|Kids check out virtual reality classes at the James Lee Community Center.|
|Devices made in a 3D printer.|
Computer Clubhouse kids will use the 3D printers to make personalized devices for wounded military veterans and people with disabilities in assisted living.
Examples include devices that could help wounded warriors who lost an arm access the buttons on the side of a hospital bed or hold a cell phone or toothbrush, said Robert O’Quinn, technology program manager in Fairfax County’s Department of Neighborhood and Community Services (NCS).
Kids could also help disabled adults play wheelchair soccer by making a device to prevent the ball from getting stuck under a wheelchair, for example, and help blind people play bingo by making a special frame for a bingo card.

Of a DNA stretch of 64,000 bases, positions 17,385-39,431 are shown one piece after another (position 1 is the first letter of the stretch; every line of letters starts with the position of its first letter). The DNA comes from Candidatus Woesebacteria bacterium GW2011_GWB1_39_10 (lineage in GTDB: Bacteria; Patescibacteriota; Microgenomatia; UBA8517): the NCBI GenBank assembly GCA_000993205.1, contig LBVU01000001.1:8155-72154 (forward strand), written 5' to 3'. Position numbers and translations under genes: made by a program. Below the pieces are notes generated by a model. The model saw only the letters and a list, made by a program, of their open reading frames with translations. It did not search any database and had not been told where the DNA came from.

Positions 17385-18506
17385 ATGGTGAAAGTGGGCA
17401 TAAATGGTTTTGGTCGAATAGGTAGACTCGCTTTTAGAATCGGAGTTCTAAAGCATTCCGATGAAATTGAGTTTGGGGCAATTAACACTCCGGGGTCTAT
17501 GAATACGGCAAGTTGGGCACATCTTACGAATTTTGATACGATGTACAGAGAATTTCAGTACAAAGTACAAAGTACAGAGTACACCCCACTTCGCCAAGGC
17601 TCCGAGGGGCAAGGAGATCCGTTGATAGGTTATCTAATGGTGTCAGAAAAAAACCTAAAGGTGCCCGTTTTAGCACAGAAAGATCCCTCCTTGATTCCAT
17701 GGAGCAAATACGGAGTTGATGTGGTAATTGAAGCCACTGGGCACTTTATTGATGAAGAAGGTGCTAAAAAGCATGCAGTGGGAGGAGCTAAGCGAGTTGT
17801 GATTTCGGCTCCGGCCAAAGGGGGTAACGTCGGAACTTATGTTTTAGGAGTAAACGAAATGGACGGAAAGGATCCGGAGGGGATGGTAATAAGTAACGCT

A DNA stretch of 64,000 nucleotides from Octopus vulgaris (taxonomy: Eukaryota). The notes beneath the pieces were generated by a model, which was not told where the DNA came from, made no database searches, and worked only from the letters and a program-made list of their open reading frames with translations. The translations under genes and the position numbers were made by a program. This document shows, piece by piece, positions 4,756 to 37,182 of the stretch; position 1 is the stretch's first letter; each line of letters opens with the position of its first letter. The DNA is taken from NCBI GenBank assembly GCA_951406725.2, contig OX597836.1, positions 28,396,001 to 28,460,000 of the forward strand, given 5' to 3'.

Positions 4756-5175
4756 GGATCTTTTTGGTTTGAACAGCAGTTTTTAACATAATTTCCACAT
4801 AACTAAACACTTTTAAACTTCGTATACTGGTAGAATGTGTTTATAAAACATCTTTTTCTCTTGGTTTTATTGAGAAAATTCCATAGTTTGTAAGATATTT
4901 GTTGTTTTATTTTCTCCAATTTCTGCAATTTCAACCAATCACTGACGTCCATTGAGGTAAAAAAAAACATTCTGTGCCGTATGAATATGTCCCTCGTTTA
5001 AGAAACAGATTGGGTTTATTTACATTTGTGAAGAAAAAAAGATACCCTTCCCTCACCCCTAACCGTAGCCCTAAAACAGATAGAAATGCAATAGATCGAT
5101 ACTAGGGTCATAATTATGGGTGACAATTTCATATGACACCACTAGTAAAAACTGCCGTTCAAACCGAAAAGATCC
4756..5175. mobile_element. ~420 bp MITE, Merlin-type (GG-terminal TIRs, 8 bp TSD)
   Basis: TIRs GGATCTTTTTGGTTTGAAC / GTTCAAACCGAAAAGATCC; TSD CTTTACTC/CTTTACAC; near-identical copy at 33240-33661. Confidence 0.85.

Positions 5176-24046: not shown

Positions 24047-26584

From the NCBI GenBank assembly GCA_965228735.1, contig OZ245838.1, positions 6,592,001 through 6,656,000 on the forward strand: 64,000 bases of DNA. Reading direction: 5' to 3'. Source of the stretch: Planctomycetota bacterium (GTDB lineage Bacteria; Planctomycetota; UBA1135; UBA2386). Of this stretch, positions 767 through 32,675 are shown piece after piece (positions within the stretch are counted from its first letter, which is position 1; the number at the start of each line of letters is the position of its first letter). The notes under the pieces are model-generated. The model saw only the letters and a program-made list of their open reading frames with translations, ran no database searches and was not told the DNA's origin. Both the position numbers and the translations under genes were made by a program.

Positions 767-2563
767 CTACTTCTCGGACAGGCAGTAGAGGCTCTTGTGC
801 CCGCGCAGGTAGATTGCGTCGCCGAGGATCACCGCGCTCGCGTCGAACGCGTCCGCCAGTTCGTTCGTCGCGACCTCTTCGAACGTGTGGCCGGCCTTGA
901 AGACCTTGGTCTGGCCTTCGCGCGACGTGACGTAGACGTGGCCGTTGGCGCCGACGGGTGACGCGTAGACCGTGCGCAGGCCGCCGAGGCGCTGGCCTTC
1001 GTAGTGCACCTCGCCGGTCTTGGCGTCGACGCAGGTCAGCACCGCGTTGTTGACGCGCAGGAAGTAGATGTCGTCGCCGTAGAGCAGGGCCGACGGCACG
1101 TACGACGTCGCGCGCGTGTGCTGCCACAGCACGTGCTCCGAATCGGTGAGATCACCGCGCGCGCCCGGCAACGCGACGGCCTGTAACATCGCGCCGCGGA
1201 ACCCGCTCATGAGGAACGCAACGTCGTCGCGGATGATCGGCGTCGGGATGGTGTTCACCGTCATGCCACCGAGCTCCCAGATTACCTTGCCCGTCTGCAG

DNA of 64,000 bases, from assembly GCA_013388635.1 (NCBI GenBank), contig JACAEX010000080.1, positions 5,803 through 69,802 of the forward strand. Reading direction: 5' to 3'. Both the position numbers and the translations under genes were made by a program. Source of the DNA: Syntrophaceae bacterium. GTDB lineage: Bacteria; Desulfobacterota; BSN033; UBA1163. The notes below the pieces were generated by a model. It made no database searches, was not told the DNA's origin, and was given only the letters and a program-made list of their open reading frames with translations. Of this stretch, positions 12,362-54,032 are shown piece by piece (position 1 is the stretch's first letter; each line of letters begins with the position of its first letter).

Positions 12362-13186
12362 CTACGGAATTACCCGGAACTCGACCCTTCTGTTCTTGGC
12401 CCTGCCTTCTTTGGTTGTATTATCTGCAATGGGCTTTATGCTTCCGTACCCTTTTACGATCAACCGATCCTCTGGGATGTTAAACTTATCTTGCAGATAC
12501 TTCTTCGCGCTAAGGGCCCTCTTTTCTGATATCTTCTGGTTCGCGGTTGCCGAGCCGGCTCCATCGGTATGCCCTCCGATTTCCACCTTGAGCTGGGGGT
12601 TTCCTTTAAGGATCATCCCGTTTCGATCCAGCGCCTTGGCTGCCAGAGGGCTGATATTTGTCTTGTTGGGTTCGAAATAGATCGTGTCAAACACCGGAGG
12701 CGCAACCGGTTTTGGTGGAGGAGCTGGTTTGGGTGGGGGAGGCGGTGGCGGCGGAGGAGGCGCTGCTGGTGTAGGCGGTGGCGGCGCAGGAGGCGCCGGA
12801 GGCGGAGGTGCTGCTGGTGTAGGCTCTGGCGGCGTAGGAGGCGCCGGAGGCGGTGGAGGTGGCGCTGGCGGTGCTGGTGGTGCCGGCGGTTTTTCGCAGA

|Computer Clubhouse kids at the James Lee Community Center.|
“In today’s world, standard competency in technology has become absolutely essential,” said O’Quinn. “The concentration of high-tech jobs in Fairfax County alone is among the highest in the nation. The sooner our youth are exposed to emerging technologies, the better prepared they will be for the career opportunities of tomorrow.”
“Your creations will impact so many people,” Fairfax County Board of Supervisors Chair Sharon Bulova told the kids. “Dream big.”
|Kids try a Leap Motion game controller.|